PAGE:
Please use this identifier to cite or link to this item: https://doi.org/10.1038/s41398-018-0213-8
Title: Brain-computer-interface-based intervention re-normalizes brain functional network topology in children with attention deficit/hyperactivity disorder
Authors: Qian, X 
Loo, B.R.Y 
Castellanos, F.X
Liu, S 
Koh, H.L 
Poh, X.W.W
Krishnan, R 
Fung, D
Chee, M.W 
Guan, C 
Lee, T.-S 
Lim, C.G
Zhou, J 
Keywords: Article
attention deficit disorder
brain computer interface
brain maturation
child
Child Behavior Checklist
controlled study
default mode network
electroencephalogram
executive function
functional connectivity
functional magnetic resonance imaging
human
image analysis
major clinical study
male
neuroimaging
neuropsychological test
task positive network
ventral attention network
attention deficit disorder
brain
brain mapping
cluster analysis
defense mechanism
diagnostic imaging
nerve tract
nuclear magnetic resonance imaging
pathophysiology
psychology
randomized controlled trial
restlessness
Singapore
Attention Deficit Disorder with Hyperactivity
Brain
Brain Mapping
Brain-Computer Interfaces
Child
Cluster Analysis
Defense Mechanisms
Executive Function
Humans
Magnetic Resonance Imaging
Male
Neural Pathways
Psychomotor Agitation
Singapore
Issue Date: 2018
Citation: Qian, X, Loo, B.R.Y, Castellanos, F.X, Liu, S, Koh, H.L, Poh, X.W.W, Krishnan, R, Fung, D, Chee, M.W, Guan, C, Lee, T.-S, Lim, C.G, Zhou, J (2018). Brain-computer-interface-based intervention re-normalizes brain functional network topology in children with attention deficit/hyperactivity disorder. Translational Psychiatry 8 (1) : 149. ScholarBank@NUS Repository. https://doi.org/10.1038/s41398-018-0213-8
Abstract: A brain-computer-interface (BCI)-based attention training game system has shown promise for treating attention deficit/hyperactivity disorder (ADHD) children with inattentive symptoms. However, little is known about brain network organizational changes underlying behavior improvement following BCI-based training. To cover this gap, we aimed to examine the topological alterations of large-scale brain functional networks induced by the 8-week BCI-based attention intervention in ADHD boys using resting-state functional magnetic resonance imaging method. Compared to the non-intervention (ADHD-NI) group, the intervention group (ADHD-I) showed greater reduction of inattention symptoms accompanied with differential brain network reorganizations after training. Specifically, the ADHD-NI group had increased functional connectivity (FC) within the salience/ventral attention network (SVN) and increased FC between task-positive networks (including the SVN, dorsal attention (DAN), somatomotor, and executive control network) and subcortical regions; in contrast ADHD-I group did not have this pattern. In parallel, ADHD-I group had reduced degree centrality and clustering coefficient as well as increased closeness in task-positive and the default mode networks (prefrontal regions) after the training. More importantly, these reduced local functional processing mainly in the SVN were associated with less inattentive/internalizing problems after 8-week BCI-based intervention across ADHD patients. Our findings suggest that the BCI-based attention training facilitates behavioral improvement in ADHD children by reorganizing brain functional network from more regular to more random configurations, particularly renormalizing salience network processing. Future long-term longitudinal neuroimaging studies are needed to develop the BCI-based intervention approach to promote brain maturation in ADHD. © 2018, The Author(s).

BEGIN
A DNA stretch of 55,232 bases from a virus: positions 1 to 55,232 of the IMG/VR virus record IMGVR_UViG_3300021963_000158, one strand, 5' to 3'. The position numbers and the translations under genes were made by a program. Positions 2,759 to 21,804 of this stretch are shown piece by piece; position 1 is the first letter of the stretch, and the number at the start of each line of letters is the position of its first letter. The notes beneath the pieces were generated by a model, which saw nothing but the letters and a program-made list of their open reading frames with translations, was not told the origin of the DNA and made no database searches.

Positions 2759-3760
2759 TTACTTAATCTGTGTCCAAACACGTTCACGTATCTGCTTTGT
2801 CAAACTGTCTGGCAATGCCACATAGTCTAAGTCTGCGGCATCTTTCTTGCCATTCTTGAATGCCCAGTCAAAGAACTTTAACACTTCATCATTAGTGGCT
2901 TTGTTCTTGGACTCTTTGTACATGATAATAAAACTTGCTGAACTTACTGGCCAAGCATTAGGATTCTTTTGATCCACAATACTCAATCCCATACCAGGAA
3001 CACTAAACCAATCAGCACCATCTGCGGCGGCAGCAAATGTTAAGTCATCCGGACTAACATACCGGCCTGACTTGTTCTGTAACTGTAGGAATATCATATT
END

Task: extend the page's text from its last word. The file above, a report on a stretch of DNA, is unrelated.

Source Title: Translational Psychiatry
URI: https://scholarbank.nus.edu.sg/handle/10635/176030
ISSN: 2158-3188
DOI: 10.1038/s41398-018-0213-8
Appears in Collections:Elements
Staff Publications

Show full item record
Files in This Item:
File Description SizeFormatAccess SettingsVersion 
10_1038_s41398-018-0213-8.pdf1.54 MBAdobe PDF

OPEN

NoneView/Download

SCOPUSTM   
Citations

15
checked on Mar 3, 2021

Page view(s)

40
checked on Mar 5, 2021

Google ScholarTM

Check

Altmetric


Items in DSpace are protected by copyright, with all rights reserved, unless otherwise indicated.